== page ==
54. Singh, D., Vidaurri, M., Zambarano, R. J., & Dabbs, J. M. (1999). Lesbian erotic role identification: Behavioral, morphological, and hormonal correlates. Journal of Personality and Social Psychology, 76, 1035–1049.PubMedCrossRefGoogle Scholar
  55. Smith, F. G., Jones, B. C., Welling, L. L. M., Little, A. C., Vukovic, J., Main, J. C., et al. (2009). Waist-hip ratio predicts women’s preferences for masculine male faces, but not perceptions of men’s trustworthiness. Personality and Individual Differences, 47, 476–480.CrossRefGoogle Scholar
  56. Spector, I. P., Carey, M. P., & Steinberg, L. (1996). The Sexual Desire Inventory: Development, factor structure, and evidence of reliability. Journal of Sex and Marital Therapy, 22, 175–190.PubMedCrossRefGoogle Scholar
  57. Spence, K. W. (1956). Behavior theory and conditioning. New Haven, CT: Yale University Press.CrossRefGoogle Scholar
  58. Thornhill, R., & Gangestad, S. W. (1999). Facial attractiveness. Trends in Cognitive Science, 3, 452–460.CrossRefGoogle Scholar
  59. Thornhill, R., & Gangestad, S. W. (2006). Facial sexual dimorphism, developmental stability, and susceptibility to disease in men and women. Evolution and Human Behavior, 27, 131–144.CrossRefGoogle Scholar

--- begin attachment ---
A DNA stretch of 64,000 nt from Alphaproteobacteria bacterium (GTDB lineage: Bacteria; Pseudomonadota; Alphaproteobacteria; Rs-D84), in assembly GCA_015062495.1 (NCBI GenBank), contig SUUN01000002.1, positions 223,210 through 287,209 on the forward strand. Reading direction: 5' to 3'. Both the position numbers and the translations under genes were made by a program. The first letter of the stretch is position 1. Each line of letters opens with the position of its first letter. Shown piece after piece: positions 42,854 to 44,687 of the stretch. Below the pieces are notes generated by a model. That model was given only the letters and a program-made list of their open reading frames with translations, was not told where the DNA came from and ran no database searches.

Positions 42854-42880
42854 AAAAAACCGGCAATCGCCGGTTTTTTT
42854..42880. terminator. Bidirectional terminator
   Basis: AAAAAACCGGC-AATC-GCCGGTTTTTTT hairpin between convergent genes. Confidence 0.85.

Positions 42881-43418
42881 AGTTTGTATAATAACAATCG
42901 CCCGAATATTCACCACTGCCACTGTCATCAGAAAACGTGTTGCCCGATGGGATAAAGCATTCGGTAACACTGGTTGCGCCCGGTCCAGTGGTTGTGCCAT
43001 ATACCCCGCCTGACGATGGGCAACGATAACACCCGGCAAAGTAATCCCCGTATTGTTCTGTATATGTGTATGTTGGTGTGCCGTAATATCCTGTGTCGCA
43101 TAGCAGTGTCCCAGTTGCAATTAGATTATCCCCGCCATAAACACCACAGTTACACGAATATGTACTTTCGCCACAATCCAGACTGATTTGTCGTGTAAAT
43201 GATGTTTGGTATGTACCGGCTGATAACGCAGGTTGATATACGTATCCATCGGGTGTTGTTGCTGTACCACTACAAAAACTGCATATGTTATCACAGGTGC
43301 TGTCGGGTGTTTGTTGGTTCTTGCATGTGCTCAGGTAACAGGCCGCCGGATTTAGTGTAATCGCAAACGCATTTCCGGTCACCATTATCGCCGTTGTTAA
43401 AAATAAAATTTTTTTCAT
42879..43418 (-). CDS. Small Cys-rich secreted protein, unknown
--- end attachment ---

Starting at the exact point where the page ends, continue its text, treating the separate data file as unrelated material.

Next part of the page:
60. Tiddeman, B. P., Burt, D. M., & Perrett, D. I. (2001). Prototyping and transforming facial texture for perception research. IEEE Computer Graphics and Applications, 21, 42–50.CrossRefGoogle Scholar
  61. Welling, L. L. M., Jones, B. C., & DeBruine, L. M. (2008a). Sex drive is positively associated with women’s preferences for sexual dimorphism in men’s and women’s faces. Personality and Individual Differences, 44, 161–170.CrossRefGoogle Scholar
  62. Welling, L. L. M., Jones, B. C., DeBruine, L. M., Conway, C. A., Law Smith, M. J., Little, A. C., et al. (2007). Raised salivary testosterone in women is associated with increased attraction to masculine faces. Hormones and Behavior, 52, 156–161.PubMedCrossRefGoogle Scholar
  63. Welling, L. L. M., Jones, B. C., DeBruine, L. M., Smith, F. G., Feinberg, D. R., Little, A. C., et al. (2008b). Men report stronger attraction to femininity in women’s faces when their testosterone levels are high. Hormones and Behavior, 54, 703–708.PubMedCrossRefGoogle Scholar
  64. Zajonc, R. B. (1965). Social facilitation. Science, 149, 269–274.PubMedCrossRefGoogle Scholar

Copyright information

© Springer Science+Business Media New York 2012

Authors and Affiliations

  • Lisa L. M. Welling
    • 1
  • Kevin Singh
    • 2
  • David A. Puts
    • 2
  • Benedict C. Jones
    • 3
  • Robert P. Burriss
    • 4
  1. 1.Department of PsychologyOakland UniversityRochesterUSA
  2. 2.Department of AnthropologyPennsylvania State UniversityUniversity ParkUSA
  3. 3.School of PsychologyUniversity of AberdeenAberdeenUK
  4. 4.School of Natural SciencesUniversity of StirlingStirlingUK

Personalised recommendations